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Navy acknowledges suicides of 7 sailors assigned to the USS George Washington

Navy probes 7 suicides among aircraft carrier crew
Navy probes 7 suicides among USS George Washington crew 02:27

Seven Navy sailors assigned to the USS George Washington have died by suicide during the time the aircraft carrier has been undergoing a yearslong overhaul in Newport News, Virginia, the Navy said Thursday. 

The Navy acknowledged Thursday that in addition to the four suicides in the past year that CBS News has reported, three more sailors assigned to the carrier died by suicide in 2019 and 2020. 

The three suicides from 2019 and 2020 occurred while the USS George Washington was under the command of Capt. Kenneth Strong. According to the Navy, Strong left the ship three months ahead of schedule because of "individual incidents of poor judgment and leadership acumen." Despite his early departure, Strong was awarded a Legion of Merit for, among other things, winning a score of 98% on the 2019 Safety and Occupational Health Management Evaluation.

The living and working conditions on the carrier present challenges for the sailors. While it's in the shipyard, the George Washington is essentially a construction zone, where it can be cramped, hot and loud for the crew on board. 

One of the ship's crew told CBS News that "it feels like Big Navy has left us out to dry. Nobody cares."

 After reports that three sailors had died by suicide in a single week in April, the Navy opened an investigation last week into their deaths. It's examining whether living conditions on the carrier played a role in the suicides and whether the ship's commanders did everything they could to make the conditions as acceptable as possible.

The USS George Washington's overhaul is behind schedule — the COVID-19 pandemic and the need for unexpected repairs have kept the carrier in the shipyard for nearly a year longer than expected. The carrier has been docked at Newport News Shipbuilding for a major overhaul since 2017.

FILE: The nuclear-powered aircraft carrier USS George Washington leaves the US naval base in Yokosuka, 60 kms south of Tokyo, for the last time for refueling and complex overhaul on May 18, 2015.  TORU YAMANAKA/AFP via Getty Images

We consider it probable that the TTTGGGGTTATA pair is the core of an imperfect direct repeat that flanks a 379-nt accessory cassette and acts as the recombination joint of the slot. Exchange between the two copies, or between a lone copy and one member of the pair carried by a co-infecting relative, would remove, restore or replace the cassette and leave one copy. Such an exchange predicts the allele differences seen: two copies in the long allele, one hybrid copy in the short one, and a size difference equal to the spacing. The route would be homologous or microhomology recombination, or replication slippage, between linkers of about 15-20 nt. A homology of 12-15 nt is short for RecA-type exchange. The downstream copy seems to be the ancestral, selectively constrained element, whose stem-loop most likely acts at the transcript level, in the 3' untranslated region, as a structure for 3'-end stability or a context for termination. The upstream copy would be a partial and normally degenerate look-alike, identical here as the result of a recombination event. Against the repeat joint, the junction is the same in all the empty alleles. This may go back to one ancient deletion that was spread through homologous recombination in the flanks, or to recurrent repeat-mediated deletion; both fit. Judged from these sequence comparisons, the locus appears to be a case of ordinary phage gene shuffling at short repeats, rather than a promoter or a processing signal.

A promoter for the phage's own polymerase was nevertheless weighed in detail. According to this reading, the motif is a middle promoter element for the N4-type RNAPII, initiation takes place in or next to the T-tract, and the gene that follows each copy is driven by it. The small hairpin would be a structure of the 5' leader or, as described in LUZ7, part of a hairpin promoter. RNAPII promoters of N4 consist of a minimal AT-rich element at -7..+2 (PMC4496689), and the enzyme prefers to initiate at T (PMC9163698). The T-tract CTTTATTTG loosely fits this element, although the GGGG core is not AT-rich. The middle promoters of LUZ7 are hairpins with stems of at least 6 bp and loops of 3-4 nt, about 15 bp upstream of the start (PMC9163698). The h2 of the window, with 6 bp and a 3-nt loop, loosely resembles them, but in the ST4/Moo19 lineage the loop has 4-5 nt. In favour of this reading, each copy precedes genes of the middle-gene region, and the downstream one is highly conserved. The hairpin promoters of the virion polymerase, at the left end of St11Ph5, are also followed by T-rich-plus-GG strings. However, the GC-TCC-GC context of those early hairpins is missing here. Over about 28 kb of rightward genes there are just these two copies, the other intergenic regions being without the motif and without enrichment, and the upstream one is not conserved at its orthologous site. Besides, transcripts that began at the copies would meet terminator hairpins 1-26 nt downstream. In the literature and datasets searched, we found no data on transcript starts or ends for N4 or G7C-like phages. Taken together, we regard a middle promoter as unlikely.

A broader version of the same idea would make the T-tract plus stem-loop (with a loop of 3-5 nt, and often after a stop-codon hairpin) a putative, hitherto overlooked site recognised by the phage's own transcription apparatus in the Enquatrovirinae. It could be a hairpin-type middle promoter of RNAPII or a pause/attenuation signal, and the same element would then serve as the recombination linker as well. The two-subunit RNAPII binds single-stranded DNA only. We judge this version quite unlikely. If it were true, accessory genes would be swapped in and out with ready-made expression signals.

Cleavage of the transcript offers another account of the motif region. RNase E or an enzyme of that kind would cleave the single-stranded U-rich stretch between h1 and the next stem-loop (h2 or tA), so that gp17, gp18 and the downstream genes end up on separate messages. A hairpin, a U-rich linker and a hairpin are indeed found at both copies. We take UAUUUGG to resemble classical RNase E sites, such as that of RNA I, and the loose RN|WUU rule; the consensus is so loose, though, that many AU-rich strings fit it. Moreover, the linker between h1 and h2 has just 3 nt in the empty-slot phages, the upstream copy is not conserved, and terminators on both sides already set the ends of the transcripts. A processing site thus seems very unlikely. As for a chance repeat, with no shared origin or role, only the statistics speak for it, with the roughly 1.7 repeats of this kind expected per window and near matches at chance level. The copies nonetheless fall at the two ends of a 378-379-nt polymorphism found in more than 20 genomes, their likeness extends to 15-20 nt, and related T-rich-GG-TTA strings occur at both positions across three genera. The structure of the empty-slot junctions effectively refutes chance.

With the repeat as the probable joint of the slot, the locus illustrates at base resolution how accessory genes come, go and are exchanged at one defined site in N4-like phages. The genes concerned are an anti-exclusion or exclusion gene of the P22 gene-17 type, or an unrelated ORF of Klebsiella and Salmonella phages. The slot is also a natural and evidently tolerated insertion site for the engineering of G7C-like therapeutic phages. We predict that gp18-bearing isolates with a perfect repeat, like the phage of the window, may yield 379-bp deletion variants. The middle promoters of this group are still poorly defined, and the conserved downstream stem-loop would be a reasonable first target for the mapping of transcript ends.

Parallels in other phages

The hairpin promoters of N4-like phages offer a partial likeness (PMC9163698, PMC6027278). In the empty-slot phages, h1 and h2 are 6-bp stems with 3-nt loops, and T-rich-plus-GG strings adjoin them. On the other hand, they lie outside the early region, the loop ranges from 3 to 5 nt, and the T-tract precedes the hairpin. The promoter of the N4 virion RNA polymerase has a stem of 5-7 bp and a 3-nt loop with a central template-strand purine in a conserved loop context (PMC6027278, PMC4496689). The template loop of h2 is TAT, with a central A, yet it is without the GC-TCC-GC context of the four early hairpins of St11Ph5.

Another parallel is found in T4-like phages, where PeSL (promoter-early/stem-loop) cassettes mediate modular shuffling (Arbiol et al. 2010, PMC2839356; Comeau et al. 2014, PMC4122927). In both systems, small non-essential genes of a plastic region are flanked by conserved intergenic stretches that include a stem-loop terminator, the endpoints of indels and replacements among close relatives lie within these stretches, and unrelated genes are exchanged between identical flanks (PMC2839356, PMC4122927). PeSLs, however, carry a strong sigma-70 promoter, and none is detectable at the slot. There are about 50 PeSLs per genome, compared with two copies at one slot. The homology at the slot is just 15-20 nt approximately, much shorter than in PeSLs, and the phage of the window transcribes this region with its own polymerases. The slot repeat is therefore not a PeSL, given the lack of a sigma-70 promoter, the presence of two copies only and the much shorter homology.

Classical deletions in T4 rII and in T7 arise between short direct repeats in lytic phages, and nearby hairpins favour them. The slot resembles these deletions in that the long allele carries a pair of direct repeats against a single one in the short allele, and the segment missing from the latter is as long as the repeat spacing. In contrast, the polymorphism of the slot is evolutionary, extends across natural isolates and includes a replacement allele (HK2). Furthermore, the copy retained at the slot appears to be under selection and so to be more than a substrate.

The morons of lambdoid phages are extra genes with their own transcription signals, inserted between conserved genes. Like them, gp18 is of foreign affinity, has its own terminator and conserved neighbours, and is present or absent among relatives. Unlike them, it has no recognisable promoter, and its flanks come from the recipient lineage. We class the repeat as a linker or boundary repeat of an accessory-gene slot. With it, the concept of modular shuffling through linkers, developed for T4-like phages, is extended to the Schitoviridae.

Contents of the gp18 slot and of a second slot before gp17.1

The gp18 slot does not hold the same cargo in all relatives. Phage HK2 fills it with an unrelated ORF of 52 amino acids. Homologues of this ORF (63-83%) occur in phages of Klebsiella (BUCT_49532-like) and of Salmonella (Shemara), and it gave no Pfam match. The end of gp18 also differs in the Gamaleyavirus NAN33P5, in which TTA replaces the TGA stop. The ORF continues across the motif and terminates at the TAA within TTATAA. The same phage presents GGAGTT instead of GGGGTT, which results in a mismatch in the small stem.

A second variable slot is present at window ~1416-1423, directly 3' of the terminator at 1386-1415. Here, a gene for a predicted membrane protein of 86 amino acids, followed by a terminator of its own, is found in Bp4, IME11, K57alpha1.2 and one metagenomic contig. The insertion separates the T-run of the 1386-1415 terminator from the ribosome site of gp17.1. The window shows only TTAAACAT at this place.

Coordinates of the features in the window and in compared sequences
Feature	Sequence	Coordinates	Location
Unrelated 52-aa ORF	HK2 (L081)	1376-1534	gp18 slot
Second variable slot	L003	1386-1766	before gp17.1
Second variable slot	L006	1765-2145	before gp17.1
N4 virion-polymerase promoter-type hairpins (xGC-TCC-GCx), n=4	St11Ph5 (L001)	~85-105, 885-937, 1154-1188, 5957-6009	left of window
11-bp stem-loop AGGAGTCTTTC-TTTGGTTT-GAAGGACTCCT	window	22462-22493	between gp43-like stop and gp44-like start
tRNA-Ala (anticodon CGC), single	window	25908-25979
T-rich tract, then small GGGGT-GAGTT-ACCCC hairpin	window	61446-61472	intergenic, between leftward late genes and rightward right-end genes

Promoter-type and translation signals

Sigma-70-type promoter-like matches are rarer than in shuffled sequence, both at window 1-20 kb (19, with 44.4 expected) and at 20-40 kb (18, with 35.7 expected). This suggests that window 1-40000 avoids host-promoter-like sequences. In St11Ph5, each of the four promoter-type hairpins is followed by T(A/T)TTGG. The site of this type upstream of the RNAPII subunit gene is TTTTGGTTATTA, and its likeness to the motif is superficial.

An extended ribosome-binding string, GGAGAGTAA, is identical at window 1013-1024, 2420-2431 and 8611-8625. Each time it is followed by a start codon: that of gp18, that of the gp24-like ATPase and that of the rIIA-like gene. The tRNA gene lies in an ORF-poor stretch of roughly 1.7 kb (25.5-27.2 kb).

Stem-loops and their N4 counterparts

The Navy's top enlisted leader, Master Chief Petty Officer of the Navy Russell Smith, visited the carrier last week and took questions from the sailors. In response to a question about living conditions on the ship, Smith said, "I think we probably could have done better to manage your expectations coming in here," according to audio and a transcript of the visit to the carrier. 

"What you're not doing is sleeping in a foxhole like a marine might be doing. What you are doing is going home at night, most nights," Smith said, adding, "The downside is some of the shit that you have to go through logistically will drive you crazy."

The USS George Washington is not the first carrier to experience a rash of suicides while going through a major overhaul. In September 2019, three sailors assigned to the USS George HW Bush died by suicide within one week as the ship was going through a restoration in Virginia. 

The Pentagon in March launched the Suicide Prevention and Response Independent Review Committee to review prevention activities. Pentagon spokesman John Kirby said earlier this month that the committee will look into conditions across the force including for those on ships. 

White House press secretary Jen Psaki said the president is aware of the situation, and cares about the mental health of service members. 

"Well certainly the president is regularly briefed and is aware, and the service of men and women and the stress and the pressure on them is something that is on his mind, including making sure that we have the right mental health care, the right treatments for any individual who may be suffering from depression or anything that might lead to suicide," she said. 

For immediate help if you are in a crisis, call the toll-free National Suicide Prevention Lifeline at 1-800-273-TALK (8255), available 24 hours a day, seven days a week. All calls are confidential.  

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